The German Association of Chambers of Commerce and Industry (DIHK) called her victory in Sunday’s election “a clear vote for courageous reform.” Its president Hans Heinrich Driftmann said corporate tax cuts should now be “high on the agenda.”
The Federation of German Wholesale and Foreign Trade called for “simplified taxes, less bureaucracy and more entrepreneurial freedom.”
But analysts wondered how far the conservative Merkel would go in making painful reforms after she stressed the need to “maintain a balance between those who create jobs and workers.”
During her first campaign, Merkel had called for major changes to Germany’s economic system. It provides generous social benefits and its heavy reliance on exports left it exposed during the global economic downturn.
“Over the last four years her position has become quite blurred” while she governed with the centre-left Social Democrats in a cumbersome “grand coalition,” Goldman Sachs economist Dirk Schumacher told AFP. “Where does she actually stand” now on the issue of restructuring the German social economic model, he asked.
The new government faces a mountain of serious challenges, including rising unemployment and a huge public deficit that stems from efforts to buffer Germans from the worst of the international crisis.
At the same time, Merkel’s new coalition partners, the business-friendly Free Democrats (FDP), have gained in strength and will push for multi-billion-euro (dollar) tax cuts and a simpler tax code.
“The new government must therefore manage a tricky balancing act between fiscal consolidation and implementing new strategies for supporting growth,” UniCredit economist Alexander Koch wrote.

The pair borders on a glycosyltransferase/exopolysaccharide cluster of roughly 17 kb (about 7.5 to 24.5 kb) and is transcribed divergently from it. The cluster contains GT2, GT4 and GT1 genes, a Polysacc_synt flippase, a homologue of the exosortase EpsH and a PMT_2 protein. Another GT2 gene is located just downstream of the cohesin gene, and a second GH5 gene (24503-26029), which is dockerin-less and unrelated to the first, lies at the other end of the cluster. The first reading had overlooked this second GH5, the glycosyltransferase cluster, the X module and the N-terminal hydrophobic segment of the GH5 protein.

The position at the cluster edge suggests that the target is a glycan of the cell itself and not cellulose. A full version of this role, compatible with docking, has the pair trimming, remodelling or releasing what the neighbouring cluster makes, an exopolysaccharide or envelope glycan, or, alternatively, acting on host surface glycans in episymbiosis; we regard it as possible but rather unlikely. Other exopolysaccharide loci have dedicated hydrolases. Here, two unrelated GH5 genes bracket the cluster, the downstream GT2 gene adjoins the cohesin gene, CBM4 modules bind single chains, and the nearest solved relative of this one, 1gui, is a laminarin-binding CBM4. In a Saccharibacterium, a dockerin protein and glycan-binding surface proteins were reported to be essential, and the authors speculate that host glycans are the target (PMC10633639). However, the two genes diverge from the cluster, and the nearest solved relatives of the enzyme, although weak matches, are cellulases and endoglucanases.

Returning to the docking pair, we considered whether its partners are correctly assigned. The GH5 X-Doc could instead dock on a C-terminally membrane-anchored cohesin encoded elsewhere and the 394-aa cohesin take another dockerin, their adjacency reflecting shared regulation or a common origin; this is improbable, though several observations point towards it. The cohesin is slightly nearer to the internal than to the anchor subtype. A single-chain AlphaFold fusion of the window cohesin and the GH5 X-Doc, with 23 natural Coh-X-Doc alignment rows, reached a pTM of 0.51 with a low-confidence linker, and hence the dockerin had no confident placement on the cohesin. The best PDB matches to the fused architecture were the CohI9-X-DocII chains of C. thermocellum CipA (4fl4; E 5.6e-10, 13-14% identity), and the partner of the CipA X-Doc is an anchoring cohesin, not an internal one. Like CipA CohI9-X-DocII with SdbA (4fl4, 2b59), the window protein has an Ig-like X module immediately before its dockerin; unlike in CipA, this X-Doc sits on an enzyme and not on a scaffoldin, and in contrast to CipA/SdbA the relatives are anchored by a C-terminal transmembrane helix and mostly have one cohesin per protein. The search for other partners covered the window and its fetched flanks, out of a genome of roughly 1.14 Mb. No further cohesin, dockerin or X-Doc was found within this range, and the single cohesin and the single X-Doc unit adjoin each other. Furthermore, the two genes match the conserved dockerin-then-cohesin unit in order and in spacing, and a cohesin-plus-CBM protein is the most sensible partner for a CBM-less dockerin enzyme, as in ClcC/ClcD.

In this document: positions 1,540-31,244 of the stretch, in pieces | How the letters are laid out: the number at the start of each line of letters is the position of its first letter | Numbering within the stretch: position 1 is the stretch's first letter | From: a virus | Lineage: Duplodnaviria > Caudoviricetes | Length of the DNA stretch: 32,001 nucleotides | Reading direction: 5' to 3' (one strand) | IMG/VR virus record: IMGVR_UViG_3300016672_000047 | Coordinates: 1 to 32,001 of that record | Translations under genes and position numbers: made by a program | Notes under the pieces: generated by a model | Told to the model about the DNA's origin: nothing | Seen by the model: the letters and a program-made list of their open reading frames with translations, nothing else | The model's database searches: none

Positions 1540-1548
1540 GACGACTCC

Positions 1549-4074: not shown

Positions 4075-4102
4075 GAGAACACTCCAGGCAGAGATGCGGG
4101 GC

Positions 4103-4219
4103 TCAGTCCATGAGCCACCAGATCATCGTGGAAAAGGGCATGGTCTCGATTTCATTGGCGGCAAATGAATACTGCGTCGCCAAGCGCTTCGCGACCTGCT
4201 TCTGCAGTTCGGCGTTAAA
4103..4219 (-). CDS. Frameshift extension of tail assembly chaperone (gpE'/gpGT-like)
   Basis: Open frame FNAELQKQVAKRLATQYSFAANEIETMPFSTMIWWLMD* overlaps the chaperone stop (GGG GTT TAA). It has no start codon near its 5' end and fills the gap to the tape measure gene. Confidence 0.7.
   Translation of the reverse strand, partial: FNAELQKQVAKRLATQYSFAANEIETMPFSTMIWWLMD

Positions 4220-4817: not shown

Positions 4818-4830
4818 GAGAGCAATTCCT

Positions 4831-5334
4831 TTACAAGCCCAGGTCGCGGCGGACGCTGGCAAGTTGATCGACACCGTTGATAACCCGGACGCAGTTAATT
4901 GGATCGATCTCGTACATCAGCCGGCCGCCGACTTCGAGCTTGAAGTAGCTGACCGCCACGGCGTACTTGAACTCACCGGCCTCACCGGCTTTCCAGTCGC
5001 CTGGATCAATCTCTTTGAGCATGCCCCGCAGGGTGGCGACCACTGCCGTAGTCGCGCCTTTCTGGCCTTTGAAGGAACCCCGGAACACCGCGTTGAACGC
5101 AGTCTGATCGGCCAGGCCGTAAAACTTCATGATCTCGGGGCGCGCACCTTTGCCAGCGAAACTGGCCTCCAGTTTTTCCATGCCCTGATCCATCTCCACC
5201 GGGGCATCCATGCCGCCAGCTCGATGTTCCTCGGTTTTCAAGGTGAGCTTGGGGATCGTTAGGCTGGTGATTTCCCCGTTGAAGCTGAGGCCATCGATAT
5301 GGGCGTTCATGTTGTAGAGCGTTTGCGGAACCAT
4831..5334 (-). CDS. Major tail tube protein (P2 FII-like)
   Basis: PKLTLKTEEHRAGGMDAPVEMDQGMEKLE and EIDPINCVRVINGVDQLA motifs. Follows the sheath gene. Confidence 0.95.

Business daily Handelsblatt said FDP leader Guido Westerwelle “should demonstrate the courage of new thinking and demand a super ministry of economy
and finance – and then lead it himself.”
But Commerzbank chief economist Jörg Krämer noted that “scepticism of the Germans against capitalism has risen significantly,” despite the FDP’s strong showing. “This makes a general shift in economic policy quite unlikely,” he said.
The country’s crumbling demographic base could eventually force Germans to retire later, and education reform is needed to help disadvantaged youths gain full access to the jobs market.
“Otherwise you’ll have a growing percentage of the population who are just dependent on government transfers and who won’t be able to get a job,” Schumacher warned.
The jobless rate has been largely held in check by state-subsidised shorter working hours but is still expected to climb from its present level of 8.3 percent.
“The silver bullet would be a lower tax and social security burden in order to avoid another round of stagnating real income,” Koch wrote.
But he agreed that “the fiscal leeway in the next few years is slim,” since Germany expects to breach EU deficit rules until 2013 at the earliest.
Bank of America Merrill Lynch European economist Holger Schmieding therefore anticipated “some tax cuts, spending restraint and modest structural reforms to strengthen the incentives to work, invest and create jobs.”
The Süddeutsche Zeitung daily said Merkel’s inner drive for change was not
lost however, and quoted her as saying recently that “Germany is in a global competition and can take nothing for granted.”
She warned Germans again Sunday: “We have a lot of work ahead of us.” Schumacher concluded that “if that’s the genuine Merkel, then we’ll see some kind of more pronounced reforms” in the next few years.